Osteoblast Lineage Cells Can Discriminate Microscale Topographic Features on Titanium–Aluminum–Vanadium Surfaces

Rene Olivares-Navarrete, Sharon L. Hyzy, Mark E. Berg, Jennifer M. Schneider, Kelly Hotchkiss, Zvi Schwartz, Barbara D. Boyan

Research output: Contribution to journalArticlepeer-review

43 Scopus citations

Abstract

Titanium (Ti) and Ti alloys are used in orthopaedic/spine applications where biological implant fixation, or osseointegration, is required for long-term stability. These implants employ macro-scale features to provide mechanical stability until arthrodesis, features that are too large to influence healing at the cellular level. Micron-scale rough Ti alloy (Ti–6Al–4V) increases osteoblastic differentiation and osteogenic factor production in vitro and increases in vivo bone formation; however, effects of overall topography, including sub-micron scale and nanoscale features, on osteoblast lineage cells are less well appreciated. To address this, Ti6Al4V surfaces with macro/micro/nano-textures were generated using sand blasting and acid etching that had comparable average roughness values but differed in other roughness parameters (total roughness, profile roughness, maximum peak height, maximum valley depth, root-mean-squared roughness, kurtosis, skewness) (#5, #9, and #12). Human mesenchymal stem cells (HMSCs) and normal human osteoblasts (NHOst) were cultured for 7 days on the substrates and then analyzed for alkaline phosphatase activity and osteocalcin content, production of osteogenic local factors, and integrin subunit expression. All three surfaces supported osteoblastic differentiation of HMSCs and further maturation of NHOst cells, but the greatest response was seen on the #9 substrate, which had the lowest skewness and kurtosis. The #9 surface also induced highest expression of α2 and β1 integrin mRNA. HMSCs produced highest levels of ITGAV on #9, suggesting this integrin may play a role for early lineage cells. These results indicate that osteoblast lineage cells are sensitive to specific micro/nanostructures, even when overall macro roughness is comparable and suggest that skewness and kurtosis are important variables.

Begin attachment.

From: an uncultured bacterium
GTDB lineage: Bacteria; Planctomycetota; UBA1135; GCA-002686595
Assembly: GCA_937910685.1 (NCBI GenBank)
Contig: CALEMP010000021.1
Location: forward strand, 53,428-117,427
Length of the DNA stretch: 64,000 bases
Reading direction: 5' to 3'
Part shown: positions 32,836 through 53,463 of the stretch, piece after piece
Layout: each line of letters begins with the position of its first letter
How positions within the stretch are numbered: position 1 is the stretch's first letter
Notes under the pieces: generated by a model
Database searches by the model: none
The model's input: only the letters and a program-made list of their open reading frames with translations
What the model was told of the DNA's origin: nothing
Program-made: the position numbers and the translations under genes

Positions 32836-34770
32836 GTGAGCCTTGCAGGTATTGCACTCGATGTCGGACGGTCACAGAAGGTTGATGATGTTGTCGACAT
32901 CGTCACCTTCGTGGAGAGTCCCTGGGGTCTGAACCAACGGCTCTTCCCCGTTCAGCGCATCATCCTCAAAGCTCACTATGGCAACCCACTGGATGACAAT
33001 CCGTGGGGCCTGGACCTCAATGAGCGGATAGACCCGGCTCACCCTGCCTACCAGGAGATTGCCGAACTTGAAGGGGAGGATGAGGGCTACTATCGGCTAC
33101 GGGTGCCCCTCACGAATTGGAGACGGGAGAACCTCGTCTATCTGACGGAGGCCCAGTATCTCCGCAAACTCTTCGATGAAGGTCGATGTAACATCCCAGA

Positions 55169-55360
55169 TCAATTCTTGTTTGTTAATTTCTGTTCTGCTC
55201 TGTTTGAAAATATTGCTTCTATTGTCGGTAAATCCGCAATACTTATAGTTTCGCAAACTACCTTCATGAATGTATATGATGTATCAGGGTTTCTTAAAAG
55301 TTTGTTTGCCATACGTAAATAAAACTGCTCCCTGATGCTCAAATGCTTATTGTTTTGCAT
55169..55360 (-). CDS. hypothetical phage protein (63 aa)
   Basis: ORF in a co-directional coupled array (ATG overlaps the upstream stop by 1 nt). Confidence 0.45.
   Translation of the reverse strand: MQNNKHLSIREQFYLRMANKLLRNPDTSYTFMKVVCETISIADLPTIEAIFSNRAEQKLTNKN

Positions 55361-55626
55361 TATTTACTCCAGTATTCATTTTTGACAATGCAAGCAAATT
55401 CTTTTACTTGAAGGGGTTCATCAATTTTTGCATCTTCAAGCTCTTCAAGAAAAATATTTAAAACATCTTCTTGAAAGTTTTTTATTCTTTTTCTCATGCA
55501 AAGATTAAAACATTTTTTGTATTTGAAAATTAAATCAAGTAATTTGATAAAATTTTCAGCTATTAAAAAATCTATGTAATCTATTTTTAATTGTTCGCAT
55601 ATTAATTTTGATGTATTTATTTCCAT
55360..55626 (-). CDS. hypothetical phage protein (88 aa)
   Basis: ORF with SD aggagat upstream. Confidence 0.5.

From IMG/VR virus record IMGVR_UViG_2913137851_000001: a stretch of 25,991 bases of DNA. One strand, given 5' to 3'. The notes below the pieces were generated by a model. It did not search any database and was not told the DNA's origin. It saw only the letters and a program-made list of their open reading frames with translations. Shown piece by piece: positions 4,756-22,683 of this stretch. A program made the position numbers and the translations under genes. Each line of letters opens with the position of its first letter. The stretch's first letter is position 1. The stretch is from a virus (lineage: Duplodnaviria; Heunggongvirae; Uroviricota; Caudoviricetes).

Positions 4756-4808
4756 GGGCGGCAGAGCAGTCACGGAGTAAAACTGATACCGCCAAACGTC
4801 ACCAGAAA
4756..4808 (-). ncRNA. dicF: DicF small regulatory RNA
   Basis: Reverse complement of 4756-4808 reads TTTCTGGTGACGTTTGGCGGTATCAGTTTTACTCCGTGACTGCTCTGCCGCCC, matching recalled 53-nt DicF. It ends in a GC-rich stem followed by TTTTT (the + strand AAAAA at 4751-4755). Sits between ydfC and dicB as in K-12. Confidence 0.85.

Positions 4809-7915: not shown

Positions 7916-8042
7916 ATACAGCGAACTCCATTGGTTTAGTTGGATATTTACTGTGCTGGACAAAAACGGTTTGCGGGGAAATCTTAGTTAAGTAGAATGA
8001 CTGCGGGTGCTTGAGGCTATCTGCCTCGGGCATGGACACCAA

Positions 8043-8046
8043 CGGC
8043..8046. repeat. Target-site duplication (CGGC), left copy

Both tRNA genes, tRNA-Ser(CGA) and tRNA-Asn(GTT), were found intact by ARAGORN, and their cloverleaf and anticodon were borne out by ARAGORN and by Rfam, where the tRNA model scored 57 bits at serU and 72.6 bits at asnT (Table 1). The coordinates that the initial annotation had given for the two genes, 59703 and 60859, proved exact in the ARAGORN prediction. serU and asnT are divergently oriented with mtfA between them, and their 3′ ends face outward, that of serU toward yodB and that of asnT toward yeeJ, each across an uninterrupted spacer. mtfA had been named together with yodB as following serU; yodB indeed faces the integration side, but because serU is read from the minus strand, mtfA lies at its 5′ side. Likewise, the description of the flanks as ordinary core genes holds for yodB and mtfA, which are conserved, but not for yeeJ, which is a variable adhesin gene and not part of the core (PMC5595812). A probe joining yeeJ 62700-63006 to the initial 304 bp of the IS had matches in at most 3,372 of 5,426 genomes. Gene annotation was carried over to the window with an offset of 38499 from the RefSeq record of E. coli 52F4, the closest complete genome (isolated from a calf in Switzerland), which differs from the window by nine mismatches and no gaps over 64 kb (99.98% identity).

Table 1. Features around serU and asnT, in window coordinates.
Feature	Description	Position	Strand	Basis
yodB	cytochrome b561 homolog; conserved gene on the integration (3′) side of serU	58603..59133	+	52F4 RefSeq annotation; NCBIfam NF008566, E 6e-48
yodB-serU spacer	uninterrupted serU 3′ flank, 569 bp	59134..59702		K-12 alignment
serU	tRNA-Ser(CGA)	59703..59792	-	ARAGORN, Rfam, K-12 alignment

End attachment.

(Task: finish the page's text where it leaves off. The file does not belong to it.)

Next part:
Original languageEnglish (US)
Pages (from-to)2551-2561
Number of pages11
JournalAnnals of Biomedical Engineering
Volume42
Issue number12
DOIs
StatePublished - Nov 21 2014

Keywords

  • Human mesenchymal stem cells
  • Osteoblast differentiation
  • Titanium alloy

ASJC Scopus subject areas

  • Biomedical Engineering

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